|Matthew Offord MP|
"I congratulate Mr Robinson on promoting the Bill, and I know that it will make progress today. As many people have said, 80% of British society support organ donation, but 20% do not. I want to speak on behalf of that 20% to ensure that they are carried along with the debate, rather than left behind.
A gentleman in my constituency, Vijay Patel (editor note - This link is for the wrong Vijay Patel), was recently unnecessarily killed, and his family took great comfort from the fact that his organs were used to help other people. For me, that is such a gift, and I commend anyone who donates, and their families, for allowing the donation to take place. Many people prepare themselves to be organ donors after they die, and their families are an integral part of that process. Within that wider framework, the crucial role of the donor’s family must be understood, because their role regarding the ownership of the body after a person dies, and their duties towards it, is a central aspect of the grieving process.
There has recently been a lot of concern about a north London coroner who refused to release bodies, which is causing a great deal of concern to my constituents. It therefore follows logically that the family must be involved in organ donation, and I believe that their consent is paramount at the crucial time. Those families need reassurance along their pathway towards consent.
It has been said that there are religious differences on donation, but that is incorrect. Both Islam and Judaism allow organ transplants from live and deceased patients in order to continue and save lives. One factor that perhaps some are not aware of, and that might influence the decision-making process of some families, is how the point of death is decided. Some people regard death as defined by cardiovascular criteria, which is when the heart ceases to function. Others use cessation of brain function—brain stem death—as their criterion. Those two distinctions sometimes make people uncomfortable with donation.
The National Institute for Health and Care Excellence recognised both definitions of death when it formulated the NICE guidelines that explain how healthcare professionals should support a bereaved family when discussing organ donation. There is one pathway for those who accept only cardiovascular death, and another for those who accept brain stem death. As a result, families are helped to understand how they might be able to combine deceased organ donation in a way that does not interfere with some religious traditions.
Enabling someone accessible to guide a family through the donation process is a humane, sensible and constructive proposal. A properly trained and resourced transplant co-ordinator should be able to do that, as it is the most important way in which families can be supported at a terrible time in their lives. In practice, however, under the system proposed, there would be less institutional incentive for health services to employ such people.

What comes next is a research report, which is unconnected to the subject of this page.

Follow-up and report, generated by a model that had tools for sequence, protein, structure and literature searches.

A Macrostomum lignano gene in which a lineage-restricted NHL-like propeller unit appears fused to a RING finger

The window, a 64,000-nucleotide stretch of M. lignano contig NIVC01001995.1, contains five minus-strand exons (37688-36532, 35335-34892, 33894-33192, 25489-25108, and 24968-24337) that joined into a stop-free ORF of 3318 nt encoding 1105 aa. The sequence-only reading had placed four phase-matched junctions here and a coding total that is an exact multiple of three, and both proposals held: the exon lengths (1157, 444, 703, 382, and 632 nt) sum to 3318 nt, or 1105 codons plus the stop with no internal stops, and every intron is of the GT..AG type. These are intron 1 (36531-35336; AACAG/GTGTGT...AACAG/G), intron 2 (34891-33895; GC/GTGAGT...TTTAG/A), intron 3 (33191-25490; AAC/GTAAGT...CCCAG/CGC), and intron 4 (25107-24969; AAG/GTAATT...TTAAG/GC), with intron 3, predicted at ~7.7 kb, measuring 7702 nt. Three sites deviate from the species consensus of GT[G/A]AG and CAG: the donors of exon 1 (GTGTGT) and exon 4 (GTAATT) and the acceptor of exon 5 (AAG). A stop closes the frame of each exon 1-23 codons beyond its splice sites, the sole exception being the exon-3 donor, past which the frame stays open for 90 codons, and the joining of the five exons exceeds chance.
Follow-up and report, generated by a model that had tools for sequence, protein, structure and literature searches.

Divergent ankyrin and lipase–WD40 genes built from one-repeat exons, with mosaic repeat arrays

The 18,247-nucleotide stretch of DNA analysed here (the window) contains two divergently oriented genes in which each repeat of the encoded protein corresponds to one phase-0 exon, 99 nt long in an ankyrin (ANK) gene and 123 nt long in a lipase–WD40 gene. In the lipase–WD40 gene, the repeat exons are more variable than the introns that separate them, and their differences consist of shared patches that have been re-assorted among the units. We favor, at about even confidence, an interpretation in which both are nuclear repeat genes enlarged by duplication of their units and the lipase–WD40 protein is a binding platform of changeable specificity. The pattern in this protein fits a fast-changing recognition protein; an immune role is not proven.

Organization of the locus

The Government are aware of the issues around transplantation, and they cannot plead ignorance in that our religious communities are being unresponsive to human need. In 2013, leading Muslim and Jewish groups wrote jointly to the Government suggesting a way forward in which an enhanced and improved opt-in system could be introduced that would alleviate their concerns. Improvements would include a Government-backed statement that Jews and Muslims could sign, which would enable them to donate organs in a manner compatible with their beliefs. If that approach were to be adopted, it would enable the two communities to be even more supportive of an opt-in system than they have been in the past. That proposal has been raised on several occasions, but I am afraid it has been ignored. The hon. Member for Coventry North West mentioned former Chief Rabbi Lord Sacks, who he said opposed such measures. As I understand it, however, the current Chief Rabbi, Rabbi Mirvis, is in favour of the proposal I have just outlined.
Life, and indeed death, has changed for many people. More people want, understandably, to spend their final months at home. If they die at home, organ donation is much less likely. Healthcare professionals who need to secure consent for donation must have a conversation with organ donors, and their loved ones, about why they are best placed to give the gift of life if they remain in hospital. That conversation is a natural feature of an opt-in service. Under an opt-out service, there will be little incentive to have that complex discussion with potential donors and their families. The result could be that patients might drift to spend their last months in hospital."